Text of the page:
Last year I purchased a Minolta X700 SLR film camera at an antique store.
I'll be the first to admit I was drawn to to the camera not out-of-an-interest in photography but more a fascination with mechanical devices and a desire to learn more about them.
Here's what I learned after exposing my first roll and getting the prints back:
Only recently I learned that almost all film prints since the early 90s are actually just printed (like on an ink printer) scans.
We could have saved all parties involved time, money, and hassle had the lab just emailed me a link to those same scans instead of snail-mailing them back to the Walgreens on physical media*.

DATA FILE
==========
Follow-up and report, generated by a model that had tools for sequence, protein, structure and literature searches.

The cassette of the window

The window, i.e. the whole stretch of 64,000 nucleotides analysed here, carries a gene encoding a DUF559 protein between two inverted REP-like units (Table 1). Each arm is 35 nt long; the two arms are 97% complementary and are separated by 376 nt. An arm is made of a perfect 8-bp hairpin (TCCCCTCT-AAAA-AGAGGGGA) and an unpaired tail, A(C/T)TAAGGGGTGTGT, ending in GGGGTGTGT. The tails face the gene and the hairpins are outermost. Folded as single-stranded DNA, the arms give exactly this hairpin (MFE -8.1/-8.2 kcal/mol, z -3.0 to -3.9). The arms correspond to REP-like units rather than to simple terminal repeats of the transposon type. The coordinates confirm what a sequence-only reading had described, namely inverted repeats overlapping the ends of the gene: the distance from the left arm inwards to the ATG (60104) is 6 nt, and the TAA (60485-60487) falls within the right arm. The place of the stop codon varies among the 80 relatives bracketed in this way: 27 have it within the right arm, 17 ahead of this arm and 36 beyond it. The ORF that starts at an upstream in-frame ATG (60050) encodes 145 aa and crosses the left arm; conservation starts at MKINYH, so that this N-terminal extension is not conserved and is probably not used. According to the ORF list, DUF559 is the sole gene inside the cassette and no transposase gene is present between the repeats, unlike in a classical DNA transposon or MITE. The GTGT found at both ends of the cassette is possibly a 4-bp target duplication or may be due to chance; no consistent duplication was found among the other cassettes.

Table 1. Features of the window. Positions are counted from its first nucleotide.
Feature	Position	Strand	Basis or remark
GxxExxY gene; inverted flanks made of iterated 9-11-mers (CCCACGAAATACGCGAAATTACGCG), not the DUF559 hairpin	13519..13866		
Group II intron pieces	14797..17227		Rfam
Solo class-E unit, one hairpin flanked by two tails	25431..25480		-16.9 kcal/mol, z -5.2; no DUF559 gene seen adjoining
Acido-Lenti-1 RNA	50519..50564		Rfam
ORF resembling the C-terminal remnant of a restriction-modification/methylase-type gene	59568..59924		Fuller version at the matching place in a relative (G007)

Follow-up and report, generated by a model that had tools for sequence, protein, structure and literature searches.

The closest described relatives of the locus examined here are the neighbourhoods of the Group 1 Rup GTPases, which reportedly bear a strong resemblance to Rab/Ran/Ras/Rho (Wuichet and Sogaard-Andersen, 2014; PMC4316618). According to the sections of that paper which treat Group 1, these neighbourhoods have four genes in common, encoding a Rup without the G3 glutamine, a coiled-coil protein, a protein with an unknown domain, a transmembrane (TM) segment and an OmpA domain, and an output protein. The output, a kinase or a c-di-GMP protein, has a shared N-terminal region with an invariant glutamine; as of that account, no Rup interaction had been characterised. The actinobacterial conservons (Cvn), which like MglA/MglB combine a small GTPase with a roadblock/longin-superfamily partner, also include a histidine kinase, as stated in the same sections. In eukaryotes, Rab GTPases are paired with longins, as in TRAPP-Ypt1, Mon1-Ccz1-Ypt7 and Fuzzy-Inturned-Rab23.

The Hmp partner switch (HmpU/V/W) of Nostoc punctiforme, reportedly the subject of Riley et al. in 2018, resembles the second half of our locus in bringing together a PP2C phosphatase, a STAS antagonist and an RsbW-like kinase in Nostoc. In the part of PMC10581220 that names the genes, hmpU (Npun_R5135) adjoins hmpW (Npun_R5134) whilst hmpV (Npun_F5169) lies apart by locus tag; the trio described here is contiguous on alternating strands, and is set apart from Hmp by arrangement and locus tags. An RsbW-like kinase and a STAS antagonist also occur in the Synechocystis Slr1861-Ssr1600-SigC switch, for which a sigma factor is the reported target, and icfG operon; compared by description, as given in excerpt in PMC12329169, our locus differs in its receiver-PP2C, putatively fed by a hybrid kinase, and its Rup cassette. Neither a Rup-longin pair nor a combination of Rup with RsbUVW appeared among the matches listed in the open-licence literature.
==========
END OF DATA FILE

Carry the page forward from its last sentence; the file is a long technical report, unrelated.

*This is precisely how professional film labs operate. Walgreens is just weird like this
Discouraged with the drugstore experience (but still inexplicably drawn to mechanical analog devices) I made a few Facebook Marketplace purchases and took a trip to Colonial Photo & Hobby in Orlando.
Gathering all of the equipment and chemistry to both develop film and make darkroom prints was surprisingly easy using only those two sources.
It turns out Film is back like vinyl and I'm late to the party. Just in time to find all the equipment easily but too late to pay reasonable prices.
Below are film photos that I've taken, developed, and scanned on a Epson V600. My workflow is typically a RAW export from VueScan
followed by post-processing with Darktable and final editing in GNU GIMP.
Black and white shots are either stand developed in Rodinal or cooked at box speed in Ilford Ilfosol. Color is C-41